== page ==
Work, business & professional services

Is your job safe from robots?

A PEW report in the US says two-thirds of Americans believe in 50 years’ time, robots and computers will “probably” or “definitely” be performing most of the work currently done by humans. However, 80 per cent also think their own profession will “definitely” or “probably” be safe.

One book, The Future of the Professions by Richard and Daniel Susskind, delves into this dilemma and concludes that machines will soon be able to make moral judgments. As they put it: “Future systems could articulate and balance moral arguments, identify consistencies and illogicalities, point out assumptions and presuppositions, and identify conclusions”.

Many people, especially those involved in law, medicine or even engineering perhaps, will find this idea hard to swallow. Surely jobs such as these are safe because they rely on the application of judgment, empathy and imagination?

At its heart this argument contains two vital questions. The first is how far artificially intelligent machines will progress with replacing humans and second, how much we, the makers of these machines, should allow this to happen.

Ref: Prospect (UK) January 2016, ‘Are only poets safe?’ by G. Wilkes.
Search words: Jobs, work, robots, risks
Trend tags: Robotics, automation

The ghost of GDP

In 2016, total UK employment is 1.5 million above pre-crisis (GFC) levels. However, GDP per head, which had been growing by about 2 per cent every year since 1945, is only barely above its low of 2008. In short, economic recovery is everywhere except in the GDP figures. Why might this be so?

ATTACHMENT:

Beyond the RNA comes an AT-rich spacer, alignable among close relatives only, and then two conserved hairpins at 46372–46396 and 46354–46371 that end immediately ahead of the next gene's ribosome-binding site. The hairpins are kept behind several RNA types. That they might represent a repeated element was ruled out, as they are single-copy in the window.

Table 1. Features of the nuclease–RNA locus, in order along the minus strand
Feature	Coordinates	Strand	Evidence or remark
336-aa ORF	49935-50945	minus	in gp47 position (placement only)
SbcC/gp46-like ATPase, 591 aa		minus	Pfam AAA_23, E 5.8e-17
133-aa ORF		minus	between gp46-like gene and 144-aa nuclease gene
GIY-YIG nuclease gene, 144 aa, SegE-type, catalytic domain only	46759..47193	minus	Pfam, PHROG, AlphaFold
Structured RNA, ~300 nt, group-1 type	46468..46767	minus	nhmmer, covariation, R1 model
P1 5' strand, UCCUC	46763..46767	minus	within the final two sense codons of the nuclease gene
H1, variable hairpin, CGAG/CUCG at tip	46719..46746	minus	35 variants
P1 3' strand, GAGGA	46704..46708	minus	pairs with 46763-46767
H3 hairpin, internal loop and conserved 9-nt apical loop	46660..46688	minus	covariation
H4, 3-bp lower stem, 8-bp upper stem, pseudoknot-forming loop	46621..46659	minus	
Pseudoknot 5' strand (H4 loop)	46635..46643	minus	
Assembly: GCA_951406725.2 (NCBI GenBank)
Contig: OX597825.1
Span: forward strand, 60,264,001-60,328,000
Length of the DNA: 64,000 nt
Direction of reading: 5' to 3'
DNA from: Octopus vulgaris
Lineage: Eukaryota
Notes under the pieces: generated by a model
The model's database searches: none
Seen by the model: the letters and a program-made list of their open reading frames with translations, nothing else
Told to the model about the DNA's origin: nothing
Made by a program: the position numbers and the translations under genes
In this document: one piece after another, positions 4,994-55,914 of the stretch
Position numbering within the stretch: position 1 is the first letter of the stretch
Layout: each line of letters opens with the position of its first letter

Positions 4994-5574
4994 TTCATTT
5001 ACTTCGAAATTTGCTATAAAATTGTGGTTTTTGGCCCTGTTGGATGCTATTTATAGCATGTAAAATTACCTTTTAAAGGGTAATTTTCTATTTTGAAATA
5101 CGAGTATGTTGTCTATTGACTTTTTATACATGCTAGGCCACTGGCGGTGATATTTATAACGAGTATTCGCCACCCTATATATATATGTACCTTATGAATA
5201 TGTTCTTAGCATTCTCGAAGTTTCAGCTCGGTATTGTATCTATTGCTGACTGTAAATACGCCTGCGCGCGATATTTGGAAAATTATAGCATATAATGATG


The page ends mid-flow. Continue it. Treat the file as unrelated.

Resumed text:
One supply-side explanation is a slowdown in technological progress and/or an erosion in the skills or work ethic of the UK workforce. This is very much the view of Robert Gordon, the US economist, who believes the latest ICT revolution is simply less productivity enhancing than the first - steam and railroads - or the second - electricity, automobiles and aircraft.

As he puts it, new applications connected to a faster internet have been frivolous entertainments of modest economic significance. We’d like to agree with this on one level and, if it’s true, the implications are bleak.

But on the demand side, a different picture may emerge. First, government intervention, particularly imposed austerity, could be to blame. A better explanation is we’ve been blindsided by a statistical illusion. In slavishly following the numbers, we’ve missed the fact that traditional methods of analysis are outmoded.

GDP is tied to the physical exchange of goods and, in the new economy, this is far less important. There is significant growth, but much of it is invisible because the companies behind it use business models that deliver services that are free at the point of use. Think of free phone calls from Skype or Whatsapp.